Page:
Experience Bavaria > Scenic Routes > Glass Route

The Glass Route

landscape along the glass route

Discover the charmes of the Glass Route

The "green roof of Europe" is home to an industry that produces the most beautiful treasure of the Bavarian Forest: glass.

A warm welcome to the Bavarian and Upper Palatinate Forest, the home of the Glass Route. Glassworks here have been creating works of art from as long as 500 years ago, and they are still an important part of the local economy today. Glass from eastern Bavaria is highly sought after. Both utility glass by famous manufacturers and art glass pieces made in small workshops are in great demand all over the world.

EremitageThe Glass Route runs for approximately 250 kilometres - 300 kilometres including alternative routes - from Neustadt an der Waldnaab, Europe's "lead crystal capital", to the Passau Glass Museum where over 15,000 examples of glassware from a range of different eras are on display. There is a great deal to see in this "glass kingdom" and many treasures to discover: rare and exquisite glass objects - some centuries old, some finished just a few minutes ago - in museums, galleries and glassworks. Quartz, lime, soda and potash are words that visitors will often hear in Bavaria, where glassblowing is a long and firmly established tradition.

The Glass Route is a relatively new tourist route. It has a stunning backdrop, a sea of spruce, Scots pine and beech trees interspersed with wild flowers in the largest contiguous area of mountainous woodland in central Europe. The process of producing glass - a mystical, magical material - involves fire and glowing heat, a potent contrast with the cool and tranquil beauty of the landscape. Visitor tours are available at numerous glassworks, workshops and art glass manufacturers. There are also sumptuous displays of glass in museums and galleries along the route. Many glass-decoration workshops have large showrooms where visitors can admire and purchase a wide range of glassware. To mention just a couple of examples, between Weiden, Oberviechtach and Rötz, the route leads through what was once the "land of the mirror cutters". And the most magnificent crystal chandeliers are produced in Arnbruck. Music festivals on the theme of glass and glassmaking festivals take place all along the route. Glass is a fascinating material - transparent, sparkly and endlessly versatile. But it is also more than that. Glass is also about fantasy, art, technology, history and the modern era.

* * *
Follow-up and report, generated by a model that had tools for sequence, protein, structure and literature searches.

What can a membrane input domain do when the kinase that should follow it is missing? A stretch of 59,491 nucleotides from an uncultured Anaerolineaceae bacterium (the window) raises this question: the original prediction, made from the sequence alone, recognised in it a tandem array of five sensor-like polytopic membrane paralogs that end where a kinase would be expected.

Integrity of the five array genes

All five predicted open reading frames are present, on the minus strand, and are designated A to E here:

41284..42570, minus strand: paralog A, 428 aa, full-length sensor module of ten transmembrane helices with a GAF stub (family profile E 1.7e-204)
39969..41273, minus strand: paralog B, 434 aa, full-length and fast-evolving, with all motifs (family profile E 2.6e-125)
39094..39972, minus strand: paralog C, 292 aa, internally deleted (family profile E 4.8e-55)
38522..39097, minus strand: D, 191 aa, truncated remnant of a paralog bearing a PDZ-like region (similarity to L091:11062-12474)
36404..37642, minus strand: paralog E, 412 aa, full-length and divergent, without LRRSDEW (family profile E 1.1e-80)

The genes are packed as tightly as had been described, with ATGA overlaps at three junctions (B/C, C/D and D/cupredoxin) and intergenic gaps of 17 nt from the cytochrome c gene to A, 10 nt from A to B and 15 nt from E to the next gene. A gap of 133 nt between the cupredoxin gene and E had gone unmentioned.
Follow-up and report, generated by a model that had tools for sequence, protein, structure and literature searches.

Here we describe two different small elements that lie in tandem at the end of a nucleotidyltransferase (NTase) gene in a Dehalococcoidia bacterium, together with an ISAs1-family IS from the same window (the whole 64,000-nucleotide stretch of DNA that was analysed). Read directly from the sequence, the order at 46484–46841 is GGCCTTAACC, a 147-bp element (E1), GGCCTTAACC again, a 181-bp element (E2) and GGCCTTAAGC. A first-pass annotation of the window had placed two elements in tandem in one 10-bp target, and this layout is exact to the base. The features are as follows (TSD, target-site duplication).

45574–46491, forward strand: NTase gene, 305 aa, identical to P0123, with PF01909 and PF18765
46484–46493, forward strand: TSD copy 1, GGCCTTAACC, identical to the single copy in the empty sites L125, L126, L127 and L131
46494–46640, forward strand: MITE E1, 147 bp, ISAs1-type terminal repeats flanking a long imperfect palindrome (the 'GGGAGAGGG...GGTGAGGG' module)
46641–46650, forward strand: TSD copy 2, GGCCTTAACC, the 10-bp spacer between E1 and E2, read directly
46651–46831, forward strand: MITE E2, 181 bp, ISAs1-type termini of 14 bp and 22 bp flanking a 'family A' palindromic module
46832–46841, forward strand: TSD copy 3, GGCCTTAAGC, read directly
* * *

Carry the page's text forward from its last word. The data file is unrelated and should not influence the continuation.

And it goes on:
glassblowerThe world of glassmakers and gallery owners who specialise in glass is as colourful and complex as glass itself, with its myriad shapes and colours and infinite variety. This "glass forest" offers attractions not only for lovers of the fine arts but also for walkers, cyclists and winter sports enthusiasts. There is always something interesting to do. Bavaria's famous cuisine means a wonderful choice of culinary treats all along the route. The Glass Route combines the "glass forest" and the Bavarian Forest, a walker's paradise with lots of fresh, healthy air. Now it's your turn - you can only fully appreciate the Glass Route if you come and experience it for yourself.

The word "glass" is derived from the old German word for amber, and old Germanic jewellery was made almost exclusively of this fossilised resin. The Glass Route allows visitors to encounter the glassmaking tradition at every turn and experience at first hand the international world of glass, its fascinating history and its universal appeal. The glassmaking process has remained essentially unchanged since the glassmaker's pipe was discovered some two thousand years ago.

Glassblowers still fetch the red-hot, honey-like glass melt out of the furnace with their long "pipe", turning, swinging and blowing it to get the desired shape, as if by magic. Watch in fascination as these master craftsmen combine perfection with creativity as they mould their glass creations using the oven or working by their lamps. You can watch glassmakers at work at many show glassworks along the route. There are also any number of viewing tours, exhibitions and courses.

Because the ancient craft of glassmaking cannot be replaced by machine, the mouth-blown tradition has been carefully preserved and is kept alive in many towns and villages.

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